Safety alarms on rig 219 were turned off, they never had a chance to alert the crew. The crew wasn't properly trained in kick mitigation nor it seems did they recognize the symptoms of an influx.When your pits gain so much mud you have to have a load trucked off, you've got problems.

And the sentences that boil my blood..." "We'll keep that mud weight in our back pocket" and " My guys need to learn to drill in gas"    Motherf@€#!$!!

Drilling underbalanced is tricky enough with a seasoned crew, but when you deliberately cut mud weight to save cost, you're flirting with disasters.

It's my prayer that the lawsuits brought by the men's families push Patterson and Red Mountain Operating to the brink of bankruptcy.

 

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Have any of you that are commenting ever worked on either an onshore or an offshore drilling rig?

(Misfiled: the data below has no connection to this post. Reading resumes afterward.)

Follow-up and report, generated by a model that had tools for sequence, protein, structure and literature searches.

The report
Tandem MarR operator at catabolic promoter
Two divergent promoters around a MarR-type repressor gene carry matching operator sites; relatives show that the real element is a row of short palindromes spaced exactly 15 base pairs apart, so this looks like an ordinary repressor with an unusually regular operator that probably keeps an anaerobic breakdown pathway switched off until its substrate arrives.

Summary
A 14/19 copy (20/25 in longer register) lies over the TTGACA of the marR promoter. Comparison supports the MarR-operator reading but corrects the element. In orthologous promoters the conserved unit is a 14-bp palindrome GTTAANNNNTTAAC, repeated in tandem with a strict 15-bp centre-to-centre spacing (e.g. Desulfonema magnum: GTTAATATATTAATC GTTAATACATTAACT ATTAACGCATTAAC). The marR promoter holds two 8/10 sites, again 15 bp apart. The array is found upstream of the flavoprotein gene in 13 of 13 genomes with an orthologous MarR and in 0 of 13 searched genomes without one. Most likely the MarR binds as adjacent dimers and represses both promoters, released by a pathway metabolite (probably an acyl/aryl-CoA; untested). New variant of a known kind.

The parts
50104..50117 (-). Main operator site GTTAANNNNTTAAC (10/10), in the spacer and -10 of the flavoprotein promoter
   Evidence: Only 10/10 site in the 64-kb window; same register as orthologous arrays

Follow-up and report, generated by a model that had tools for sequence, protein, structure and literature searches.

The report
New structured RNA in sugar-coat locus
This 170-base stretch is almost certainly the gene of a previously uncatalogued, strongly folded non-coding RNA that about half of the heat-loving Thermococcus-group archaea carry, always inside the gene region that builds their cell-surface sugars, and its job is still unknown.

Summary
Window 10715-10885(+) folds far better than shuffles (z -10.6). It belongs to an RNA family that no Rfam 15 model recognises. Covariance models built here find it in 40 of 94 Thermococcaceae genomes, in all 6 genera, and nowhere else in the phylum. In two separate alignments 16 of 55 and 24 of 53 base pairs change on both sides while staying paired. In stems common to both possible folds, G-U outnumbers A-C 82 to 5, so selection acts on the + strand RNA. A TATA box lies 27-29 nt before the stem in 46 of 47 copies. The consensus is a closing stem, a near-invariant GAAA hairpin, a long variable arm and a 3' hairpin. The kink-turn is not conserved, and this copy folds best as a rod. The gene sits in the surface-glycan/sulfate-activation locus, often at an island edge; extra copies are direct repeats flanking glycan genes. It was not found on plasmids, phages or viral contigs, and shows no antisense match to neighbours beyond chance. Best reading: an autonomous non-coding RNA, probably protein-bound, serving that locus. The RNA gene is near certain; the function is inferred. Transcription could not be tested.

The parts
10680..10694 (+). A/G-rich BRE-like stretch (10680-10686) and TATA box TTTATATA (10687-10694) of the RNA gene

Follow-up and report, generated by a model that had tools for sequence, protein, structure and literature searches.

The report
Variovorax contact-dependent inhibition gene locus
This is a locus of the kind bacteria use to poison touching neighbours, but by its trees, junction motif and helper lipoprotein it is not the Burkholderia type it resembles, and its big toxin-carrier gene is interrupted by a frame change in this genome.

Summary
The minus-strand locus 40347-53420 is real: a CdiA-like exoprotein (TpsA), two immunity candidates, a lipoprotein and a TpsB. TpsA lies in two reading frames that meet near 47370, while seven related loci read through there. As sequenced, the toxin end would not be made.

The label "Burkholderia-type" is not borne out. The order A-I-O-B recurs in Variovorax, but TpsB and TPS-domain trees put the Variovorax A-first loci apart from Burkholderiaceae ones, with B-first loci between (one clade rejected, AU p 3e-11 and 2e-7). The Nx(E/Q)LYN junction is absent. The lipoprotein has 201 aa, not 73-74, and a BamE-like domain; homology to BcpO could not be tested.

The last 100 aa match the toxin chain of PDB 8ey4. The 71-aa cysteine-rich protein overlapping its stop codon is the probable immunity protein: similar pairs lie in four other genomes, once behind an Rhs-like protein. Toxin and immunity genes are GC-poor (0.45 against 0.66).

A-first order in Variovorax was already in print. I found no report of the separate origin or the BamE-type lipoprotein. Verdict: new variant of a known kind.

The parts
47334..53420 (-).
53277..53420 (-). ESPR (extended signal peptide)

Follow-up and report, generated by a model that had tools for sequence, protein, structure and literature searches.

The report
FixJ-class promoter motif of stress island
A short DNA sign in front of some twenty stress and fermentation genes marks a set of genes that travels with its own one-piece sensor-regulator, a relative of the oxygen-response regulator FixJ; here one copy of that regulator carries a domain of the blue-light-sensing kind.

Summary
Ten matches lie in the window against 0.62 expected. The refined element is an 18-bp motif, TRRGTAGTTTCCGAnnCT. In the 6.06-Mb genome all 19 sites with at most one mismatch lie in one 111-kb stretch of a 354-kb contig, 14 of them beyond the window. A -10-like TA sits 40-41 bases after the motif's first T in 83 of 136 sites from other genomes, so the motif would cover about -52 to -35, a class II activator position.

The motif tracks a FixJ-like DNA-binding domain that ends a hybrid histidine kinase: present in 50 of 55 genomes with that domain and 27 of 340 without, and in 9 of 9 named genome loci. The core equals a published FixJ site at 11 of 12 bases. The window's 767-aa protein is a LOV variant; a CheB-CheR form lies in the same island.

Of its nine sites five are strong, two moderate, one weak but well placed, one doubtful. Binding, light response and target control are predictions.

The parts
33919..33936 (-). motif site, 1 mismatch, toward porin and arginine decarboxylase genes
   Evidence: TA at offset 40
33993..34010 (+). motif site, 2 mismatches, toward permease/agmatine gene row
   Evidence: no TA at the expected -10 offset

Do you realize that the positions from Driller to Drilling Superintendent are required to re-certify in Well Control by attending either an International Well Control Forum or an International Association of Drilling Contractors course every two years and passing a Policy and Procedures exam, an equipment exam and then a practical exam on a computerized drill floor simulator?

Rigs in the US, and elsewhere, do follow OSHA guidelines in regards to personal safety equipment. OSHA has no expertise in drilling so how would they be able to address safety issues related to equipment, policies or procedures on either an onshore or an offshore rig?

The secondary barrier is NOT human detection! The secondary barrier is defined as the well control equipment installed on the well.

These rigs are built to a standard and evacuation during a blowout is considered. As most blowouts would occur through the rotary table there are always exits through the back of the doghouse. The sad fact is that blowouts are brutal, sudden events that if ignited do not leave much time to react.

There is no such thing as "blowout mud" as mentioned in the article.

Turning off alarms and not following 'good drilling practices is inexcusable.